The best way to teach our children about communism and other manipulative ideologies is by way of stories. Here is the classic fable of communism:
In 1945, British author George Orwell published his novella Animal Farm: A Fairy Story, a brilliant allegorical description of what happened in the Bolshevik Revolution and under the communist government of the Russian Soviet Union.
The animals on an English farm are persuaded by the intelligent and dissatisfied pigs to rebel against the farmer, to drive him from the farm and to take over the means of production - under the leadership of the pigs. The neglected, hardworking animals hope to finally benefit from the fruits of their labor. However, once in power, the pigs become more and more corrupt until, at the end of the story, they completely resemble their former oppressors.
Animal Farm is a clean book suitable for younger teens.
This little book is entertaining to read but at the same deeply disturbing. All the major elements of communism are there. Study idea: Have your kids identify the following elements in the book:
· A starving, exploited population under a ruthless dictator.
· Intelligent and educated revolutionary leaders who, once in power, become corrupt.
· Slogans repeated frequently and posted prominently: "All animals are equal." "Four legs good, two legs bad."
· Slogans altered by the propaganda minister Squealer.
· Sunday ritual ceremony with indoctrination:· The Seven Commandments.· Anthem/Hymn: Beasts Of England
· Personality cult: Napoleon
· No opposition allowed. The dogs are the cruel enforcers
· Disregard for life: murder of useless or dissident citizens., Boxer.
· Outside news exclusively for the ruling class.
· Luxuries withheld from the people, kept exclusively for party members.
· The execution of political opponents: Snowball
· The workers end up in a greater misery than before.
There is a list of concepts and vocabulary below under Resources. Knowing them will alert your kids to communist propaganda in the media.
Some Propaganda Techniques:
Point them out when you see them.
The leader of a communist regime is revered like a God. His faults are never admitted. His image is everywhere, sometimes in gigantic size. Look at the gallery below. Often, hymns and poems are dedicated to him. This reverence approaches worship. Criticism of the leader is brutally oppressed.
Replacement of religious rituals with ideological rituals.
Even though they deny God, communists see the human need for ritual. They produce ideological ceremonies imitating religious worship complete with hymns, music, flags, and often gigantic pageantry which creates collective pride and fervor. Large images or statues of the leader are carried in front of processions.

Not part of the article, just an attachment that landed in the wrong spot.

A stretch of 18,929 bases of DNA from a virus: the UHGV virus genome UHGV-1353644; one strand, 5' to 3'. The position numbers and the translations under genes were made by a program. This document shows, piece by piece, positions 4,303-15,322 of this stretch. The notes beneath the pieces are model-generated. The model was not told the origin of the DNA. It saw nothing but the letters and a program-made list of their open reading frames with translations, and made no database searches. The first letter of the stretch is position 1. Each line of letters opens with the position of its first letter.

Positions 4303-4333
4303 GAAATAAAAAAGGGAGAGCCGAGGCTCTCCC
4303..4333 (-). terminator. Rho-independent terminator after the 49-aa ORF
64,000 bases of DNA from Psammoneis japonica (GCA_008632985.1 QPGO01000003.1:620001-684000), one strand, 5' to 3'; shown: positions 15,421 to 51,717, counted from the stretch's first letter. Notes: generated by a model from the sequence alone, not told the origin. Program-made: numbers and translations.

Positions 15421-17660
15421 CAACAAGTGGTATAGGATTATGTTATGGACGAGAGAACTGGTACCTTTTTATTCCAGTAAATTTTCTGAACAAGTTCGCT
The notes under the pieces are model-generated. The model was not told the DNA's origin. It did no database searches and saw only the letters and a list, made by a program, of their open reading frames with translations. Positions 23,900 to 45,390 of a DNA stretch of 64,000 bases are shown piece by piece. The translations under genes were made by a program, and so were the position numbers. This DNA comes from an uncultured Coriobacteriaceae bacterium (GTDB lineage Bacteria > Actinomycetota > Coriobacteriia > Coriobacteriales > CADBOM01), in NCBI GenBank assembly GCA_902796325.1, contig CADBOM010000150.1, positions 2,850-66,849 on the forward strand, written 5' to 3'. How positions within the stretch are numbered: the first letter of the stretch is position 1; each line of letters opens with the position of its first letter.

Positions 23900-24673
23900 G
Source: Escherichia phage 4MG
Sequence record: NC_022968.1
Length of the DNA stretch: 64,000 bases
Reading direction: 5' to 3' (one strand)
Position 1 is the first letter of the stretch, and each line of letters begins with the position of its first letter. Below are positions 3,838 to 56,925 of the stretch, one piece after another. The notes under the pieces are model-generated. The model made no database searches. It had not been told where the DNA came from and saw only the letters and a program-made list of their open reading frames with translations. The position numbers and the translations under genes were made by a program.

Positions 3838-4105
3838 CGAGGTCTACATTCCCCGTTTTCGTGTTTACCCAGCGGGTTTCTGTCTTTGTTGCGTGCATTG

Slogans and images aimed at the emotions and bypassing reason
Short slogans along with symbolic images are publicized everywhere. It is hard for us to resist or question a slogan we hear repeated ad nauseam in the media or an image greeting us on every mall surface or highway billboard. The Soviets used to blast their slogans through loud speakers in public places and concentration camps. Today, we voluntarily submit to them whenever we use main stream and social media.
Polarization, the setting up of false dichotomies
“Four legs good, two legs bad,” is a prime example of a false dichotomy. Even the animals can see that some among them have two legs and that not all four-legged creatures are good. Have your kids look for a popular polarization and have them examine if it is true. Study idea: Have your kids create slogans using polarization. E.g. Red hair stupid, black hair smart.
Animal Farm by George Orwell
The following books show life under communist regimes:
These books are recommended for mature teens age 16 and up. They contain no graphic sex or graphic descriptions of violence but they describe the horrors of concentration camps with physical and psychological abuse. I marked the more disturbing books with a *.
Everyday Saints and Other Stories by Archimandrite Tikhon: These are astonishing true stories about saintly Russian people from all walks of life who kept the Faith alive under communism. They are a pleasure to read. This is a more uplifting book than the others in this list.
Father Arseny: A Cloud of Witnesses * by Vera Bouteneff and Father Arseny, 1893-1973: Priest, Prisoner, Spiritual Father* by Alexander : Stories about the life of saintly Orthodox priest and scholar Father Arseny who spread the light of Christ during his internment in the 'special sector' of the Soviet prison camp system.
The Fall of the Red Star by Helen Szablya and Peggy Anderson: A short, action - packed fictional story about the Hungarian uprising against the Soviet regime in Hungary in 1956. Written for teens.
Wild Swans: Three Daughters of China* by Jung Chan: The author tells the story of her grandmother, mother and herself experiencing first the hope of communism as liberation from a tyrannical emperor, then the realization that the liberator has become another tyrannical oppressor. This amazing book is highly recommended to learn about the plight of the Chinese people.